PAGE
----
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  8. Pheonix
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    Pheonix A Singer of Space Operas and The Fourth Mod of RP Staff Contributor

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    I have ideas, then I start writing them and things usually go completely different, and I'm totally fine with that! :D
     
  9. chicagoliz
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    chicagoliz Contributing Member Contributor

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    This is a discussion that pops up frequently among writers, to the point that some people insist on deconstructing every novel they read in an attempt to determine whether the author was an "outliner" or a "pantser." ("Pantser" meaning the opposite of outliner, as in 'by the seat of your pants'). Often the guess proves to be incorrect if the author has later been directly asked.

    It really comes down to your own style and personality. If you like to just sit down and write, figuring out or seeing what happens as you do so, go ahead. If this idea paralyzes you with fear, or you just can't seem to make anything happen, maybe you prefer to outline your story and write as the outline directs. (Although it is possible to find that in doing the writing, you end up veering off from the original plan and the story goes in an unexpected direction. This can often be a good thing.)

    So, to answer your question, the answer is no -- a definite no, to the question of whether there is some rule in the universe that the act of writing a story must conform to some calculated formula or it cannot be done. However, for a particular person, it is possible that the answer is yes. You just have to figure out which type of writer you are, and the possible answers exist on a continuum, rather than a black and white answer of always or never outline.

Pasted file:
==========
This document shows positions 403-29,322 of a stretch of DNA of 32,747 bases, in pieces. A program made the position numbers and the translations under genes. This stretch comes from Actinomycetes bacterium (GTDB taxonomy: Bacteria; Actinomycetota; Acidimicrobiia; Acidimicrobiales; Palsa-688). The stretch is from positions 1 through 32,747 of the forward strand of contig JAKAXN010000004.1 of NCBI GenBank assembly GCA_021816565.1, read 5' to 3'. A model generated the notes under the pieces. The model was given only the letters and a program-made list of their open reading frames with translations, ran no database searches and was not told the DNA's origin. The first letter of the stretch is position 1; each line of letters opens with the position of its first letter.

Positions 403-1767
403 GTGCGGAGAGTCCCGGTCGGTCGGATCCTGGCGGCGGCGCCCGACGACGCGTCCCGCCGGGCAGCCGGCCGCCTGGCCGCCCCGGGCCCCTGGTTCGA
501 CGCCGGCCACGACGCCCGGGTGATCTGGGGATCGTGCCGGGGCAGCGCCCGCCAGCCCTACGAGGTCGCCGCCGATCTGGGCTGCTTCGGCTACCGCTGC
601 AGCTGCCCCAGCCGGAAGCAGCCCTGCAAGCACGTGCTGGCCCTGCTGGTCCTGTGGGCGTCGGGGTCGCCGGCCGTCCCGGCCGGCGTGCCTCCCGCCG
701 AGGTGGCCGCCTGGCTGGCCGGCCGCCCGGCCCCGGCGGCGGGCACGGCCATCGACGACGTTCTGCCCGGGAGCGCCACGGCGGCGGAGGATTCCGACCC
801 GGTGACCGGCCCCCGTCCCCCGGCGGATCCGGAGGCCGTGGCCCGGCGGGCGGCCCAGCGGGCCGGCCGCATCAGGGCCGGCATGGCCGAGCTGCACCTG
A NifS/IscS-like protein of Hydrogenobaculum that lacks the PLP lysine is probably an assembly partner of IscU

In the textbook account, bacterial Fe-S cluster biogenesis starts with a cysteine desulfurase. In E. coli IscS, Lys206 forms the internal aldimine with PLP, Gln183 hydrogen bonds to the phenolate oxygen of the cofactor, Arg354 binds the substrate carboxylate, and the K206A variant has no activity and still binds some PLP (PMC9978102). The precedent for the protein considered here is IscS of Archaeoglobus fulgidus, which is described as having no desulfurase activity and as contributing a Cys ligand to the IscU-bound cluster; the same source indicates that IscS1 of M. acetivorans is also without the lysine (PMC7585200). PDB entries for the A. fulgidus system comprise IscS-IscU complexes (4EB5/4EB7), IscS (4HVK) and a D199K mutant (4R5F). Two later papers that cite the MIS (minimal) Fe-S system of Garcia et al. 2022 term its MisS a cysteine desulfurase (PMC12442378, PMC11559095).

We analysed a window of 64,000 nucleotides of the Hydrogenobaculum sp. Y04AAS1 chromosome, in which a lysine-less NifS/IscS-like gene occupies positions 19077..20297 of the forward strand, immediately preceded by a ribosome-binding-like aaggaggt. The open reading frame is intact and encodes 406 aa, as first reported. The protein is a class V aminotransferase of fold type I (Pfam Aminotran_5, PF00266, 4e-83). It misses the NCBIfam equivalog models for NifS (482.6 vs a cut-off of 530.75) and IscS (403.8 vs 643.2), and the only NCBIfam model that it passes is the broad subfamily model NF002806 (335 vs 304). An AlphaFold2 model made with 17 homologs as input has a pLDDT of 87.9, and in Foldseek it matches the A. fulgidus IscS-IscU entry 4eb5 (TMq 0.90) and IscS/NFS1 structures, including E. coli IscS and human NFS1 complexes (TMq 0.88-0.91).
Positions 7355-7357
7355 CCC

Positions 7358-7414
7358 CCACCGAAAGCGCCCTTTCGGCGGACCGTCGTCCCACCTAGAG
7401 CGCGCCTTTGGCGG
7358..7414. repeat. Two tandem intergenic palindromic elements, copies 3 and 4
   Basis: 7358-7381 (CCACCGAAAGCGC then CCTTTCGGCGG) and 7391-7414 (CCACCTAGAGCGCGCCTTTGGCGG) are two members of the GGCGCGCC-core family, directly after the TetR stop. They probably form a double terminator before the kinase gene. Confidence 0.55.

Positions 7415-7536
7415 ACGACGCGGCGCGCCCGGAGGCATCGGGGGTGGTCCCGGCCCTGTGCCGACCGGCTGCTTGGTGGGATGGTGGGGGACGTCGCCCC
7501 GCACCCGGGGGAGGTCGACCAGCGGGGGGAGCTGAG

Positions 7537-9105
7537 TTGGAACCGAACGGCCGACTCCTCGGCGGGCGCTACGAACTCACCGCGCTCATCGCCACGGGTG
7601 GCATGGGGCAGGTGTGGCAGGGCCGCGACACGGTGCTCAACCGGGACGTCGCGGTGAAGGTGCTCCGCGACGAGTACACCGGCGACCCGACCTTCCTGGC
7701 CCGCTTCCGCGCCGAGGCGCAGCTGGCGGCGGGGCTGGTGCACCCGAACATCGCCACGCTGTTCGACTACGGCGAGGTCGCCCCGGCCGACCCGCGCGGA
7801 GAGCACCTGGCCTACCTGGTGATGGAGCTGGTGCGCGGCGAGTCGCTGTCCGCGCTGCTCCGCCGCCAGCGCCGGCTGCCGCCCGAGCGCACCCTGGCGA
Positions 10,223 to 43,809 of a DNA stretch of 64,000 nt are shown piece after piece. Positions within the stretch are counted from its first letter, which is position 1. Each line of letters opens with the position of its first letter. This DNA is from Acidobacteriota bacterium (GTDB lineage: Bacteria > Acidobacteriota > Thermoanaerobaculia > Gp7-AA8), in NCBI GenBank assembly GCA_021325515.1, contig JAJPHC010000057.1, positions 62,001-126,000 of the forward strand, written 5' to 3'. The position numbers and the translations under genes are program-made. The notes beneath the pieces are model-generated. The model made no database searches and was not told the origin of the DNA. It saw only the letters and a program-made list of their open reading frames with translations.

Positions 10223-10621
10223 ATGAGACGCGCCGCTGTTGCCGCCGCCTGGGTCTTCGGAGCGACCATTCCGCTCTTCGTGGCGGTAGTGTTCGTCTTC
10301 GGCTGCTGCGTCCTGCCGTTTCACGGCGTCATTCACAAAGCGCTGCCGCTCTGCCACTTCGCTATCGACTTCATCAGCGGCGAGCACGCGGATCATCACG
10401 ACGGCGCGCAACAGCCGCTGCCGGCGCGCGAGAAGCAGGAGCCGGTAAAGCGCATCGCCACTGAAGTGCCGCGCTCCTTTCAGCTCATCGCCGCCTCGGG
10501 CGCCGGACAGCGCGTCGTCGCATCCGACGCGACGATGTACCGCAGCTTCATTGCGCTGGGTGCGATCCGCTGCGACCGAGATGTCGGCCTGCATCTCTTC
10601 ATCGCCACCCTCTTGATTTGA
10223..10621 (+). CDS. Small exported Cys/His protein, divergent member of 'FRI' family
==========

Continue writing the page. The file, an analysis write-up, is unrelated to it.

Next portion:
10. peachalulu
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    peachalulu Contributing Member Reviewer Contributor

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    Chicagoliz is right and for that matter - everyone else is right too! - it's whatever works best for you and the project.

    I fly by the seat of my pants for short stories - starting with a vague idea and just write. No character sheets, no direction, it all just flows
    out rather stream-of-consious. For novels though, I have to plan a little. I don't do the character sheet thing - they can be
    distracting and limiting - I keep my lists very short - name - goals - interests - flaws. I write out happenings and events
    that I want in the story and organise them according to the rise and fall in action. But I don't have everything worked out.

    Book writing is like taking a trip - you know basically where you're going and what you'll be
    doing - but while some people plan every minute out, others are up for a spontaneous meeting
    or moment. Neither trip is necessarily better - each works best for the individual.
     
  11. svartalfheim
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    svartalfheim Member

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    I've never actually heard of this "formula" Of which everyone seems to know off, however from reading its just the writing type. I personally plan a few things but not a lot only the basics i can branch out on. I'm a bit of a spontaneous person sometimes though and new characters are made and then they just live on in my writing, without any basics being written down. they tend to be my favorite characters as they have grown from the location instead of just my imagination.
     
  12. Cogito